Browne describes those times as “magic days.” Life was that of an extended family, including two siblings. Her father worked several plantations and kept horses at the rear of Manu’a.
When Browne was still a child the family relocated to Auckland, New Zealand. There they recreated Manu’a. The magic life continued. At Auckland University she managed to pass all her anthropology and English courses, but for her, university life was more about joining causes to correct social injustice.
While at university Browne met and married Anthony Turoa. A few years later they moved to Rarotonga.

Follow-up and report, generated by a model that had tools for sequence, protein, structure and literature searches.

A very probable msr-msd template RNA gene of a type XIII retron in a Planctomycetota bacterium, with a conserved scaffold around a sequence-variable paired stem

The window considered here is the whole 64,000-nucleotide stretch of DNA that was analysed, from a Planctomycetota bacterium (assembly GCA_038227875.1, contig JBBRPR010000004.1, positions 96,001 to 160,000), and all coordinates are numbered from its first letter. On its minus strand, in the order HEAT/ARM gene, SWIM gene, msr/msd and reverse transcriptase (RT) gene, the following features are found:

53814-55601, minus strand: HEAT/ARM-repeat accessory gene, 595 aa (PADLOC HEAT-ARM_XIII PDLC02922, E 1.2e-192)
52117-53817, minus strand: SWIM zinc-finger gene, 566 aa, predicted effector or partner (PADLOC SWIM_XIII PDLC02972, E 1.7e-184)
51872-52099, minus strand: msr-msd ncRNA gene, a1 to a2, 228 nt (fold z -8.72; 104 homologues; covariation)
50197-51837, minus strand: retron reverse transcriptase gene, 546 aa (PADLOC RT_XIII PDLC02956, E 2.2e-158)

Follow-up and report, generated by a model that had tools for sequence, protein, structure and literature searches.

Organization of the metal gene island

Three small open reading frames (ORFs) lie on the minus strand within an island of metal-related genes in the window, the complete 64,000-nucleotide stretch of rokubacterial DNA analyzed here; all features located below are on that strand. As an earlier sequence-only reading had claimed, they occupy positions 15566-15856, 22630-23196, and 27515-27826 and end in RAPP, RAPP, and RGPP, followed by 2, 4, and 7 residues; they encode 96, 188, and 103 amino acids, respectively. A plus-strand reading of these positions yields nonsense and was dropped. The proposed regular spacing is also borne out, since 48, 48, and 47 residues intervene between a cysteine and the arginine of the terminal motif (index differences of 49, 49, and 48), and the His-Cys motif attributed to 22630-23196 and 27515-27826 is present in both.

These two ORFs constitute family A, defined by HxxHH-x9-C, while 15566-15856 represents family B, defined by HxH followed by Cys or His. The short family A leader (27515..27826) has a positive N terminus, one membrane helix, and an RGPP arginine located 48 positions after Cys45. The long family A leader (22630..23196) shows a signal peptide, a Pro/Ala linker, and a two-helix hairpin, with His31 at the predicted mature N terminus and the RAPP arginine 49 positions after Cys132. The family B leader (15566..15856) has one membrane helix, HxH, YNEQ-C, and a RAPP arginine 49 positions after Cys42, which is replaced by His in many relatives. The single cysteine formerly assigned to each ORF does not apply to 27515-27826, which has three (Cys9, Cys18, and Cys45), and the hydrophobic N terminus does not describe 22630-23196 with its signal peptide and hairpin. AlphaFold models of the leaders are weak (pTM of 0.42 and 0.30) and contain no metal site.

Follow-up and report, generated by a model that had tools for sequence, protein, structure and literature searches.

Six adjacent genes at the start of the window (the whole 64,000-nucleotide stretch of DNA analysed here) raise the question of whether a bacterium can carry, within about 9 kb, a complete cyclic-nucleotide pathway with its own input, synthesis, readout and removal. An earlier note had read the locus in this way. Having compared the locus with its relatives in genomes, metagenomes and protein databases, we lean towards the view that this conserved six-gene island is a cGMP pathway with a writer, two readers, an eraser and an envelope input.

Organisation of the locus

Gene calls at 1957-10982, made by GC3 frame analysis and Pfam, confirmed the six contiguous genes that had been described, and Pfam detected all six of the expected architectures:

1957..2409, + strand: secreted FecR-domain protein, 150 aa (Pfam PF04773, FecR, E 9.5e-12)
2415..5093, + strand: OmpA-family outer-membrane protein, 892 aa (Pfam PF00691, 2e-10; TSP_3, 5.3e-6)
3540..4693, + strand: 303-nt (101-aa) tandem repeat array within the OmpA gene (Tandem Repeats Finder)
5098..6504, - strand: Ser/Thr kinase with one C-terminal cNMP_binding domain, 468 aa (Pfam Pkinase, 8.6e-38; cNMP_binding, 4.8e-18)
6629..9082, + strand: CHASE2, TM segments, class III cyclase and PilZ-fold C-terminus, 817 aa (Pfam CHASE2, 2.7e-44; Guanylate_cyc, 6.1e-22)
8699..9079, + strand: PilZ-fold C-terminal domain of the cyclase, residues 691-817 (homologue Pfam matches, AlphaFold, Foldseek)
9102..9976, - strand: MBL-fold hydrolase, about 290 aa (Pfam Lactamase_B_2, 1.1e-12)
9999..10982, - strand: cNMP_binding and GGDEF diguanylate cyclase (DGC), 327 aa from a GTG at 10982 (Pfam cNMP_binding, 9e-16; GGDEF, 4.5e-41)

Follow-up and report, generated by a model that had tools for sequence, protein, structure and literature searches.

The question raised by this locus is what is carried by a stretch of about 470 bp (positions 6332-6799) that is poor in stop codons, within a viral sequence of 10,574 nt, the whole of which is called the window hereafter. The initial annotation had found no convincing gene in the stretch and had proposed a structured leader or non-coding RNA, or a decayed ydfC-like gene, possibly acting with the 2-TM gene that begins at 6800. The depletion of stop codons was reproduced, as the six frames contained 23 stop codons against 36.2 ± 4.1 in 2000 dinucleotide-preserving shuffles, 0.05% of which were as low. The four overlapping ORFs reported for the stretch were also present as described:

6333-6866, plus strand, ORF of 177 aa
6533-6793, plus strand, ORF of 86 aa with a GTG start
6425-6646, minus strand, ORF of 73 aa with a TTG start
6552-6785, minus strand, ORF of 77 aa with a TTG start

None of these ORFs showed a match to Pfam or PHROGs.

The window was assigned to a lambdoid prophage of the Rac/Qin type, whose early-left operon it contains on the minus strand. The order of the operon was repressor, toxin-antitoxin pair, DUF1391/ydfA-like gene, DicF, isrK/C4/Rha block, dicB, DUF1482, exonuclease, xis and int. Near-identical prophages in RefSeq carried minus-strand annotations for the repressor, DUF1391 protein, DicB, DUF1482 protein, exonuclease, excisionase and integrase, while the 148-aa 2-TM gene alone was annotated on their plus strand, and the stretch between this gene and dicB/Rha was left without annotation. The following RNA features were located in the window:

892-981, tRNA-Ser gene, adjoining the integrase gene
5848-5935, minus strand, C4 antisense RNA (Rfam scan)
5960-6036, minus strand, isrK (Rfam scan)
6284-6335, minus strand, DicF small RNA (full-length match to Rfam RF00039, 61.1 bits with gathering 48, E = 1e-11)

But life was hard economically, so they returned to Auckland. Soon after, they and their three sons moved to Australia. In 1989 Browne returned to Rarotonga to assist her mother with tribal matters.
She also enrolled in political studies and journalism at USP. At the time Browne was working as a reporter for CINews.
She moved back to Sydney in 1990, living there with her sons until 2002, when she again returned to Rarotonga, to assist her mother with tribal and family matters.
This involvement included being invested with the title Itaata Rangatira O Kainuku.
In 2016 Browne became the first Cook Islands student to complete USP’s Bachelor of Laws through on-line courses undertaken fully in-country at USP’s Cook Islands Campus.
She is now using her knowledge of law to help her family and tribe improve the wellbeing of Cook Islanders.
The meeting will begin at 7.00 pm.
- John Hay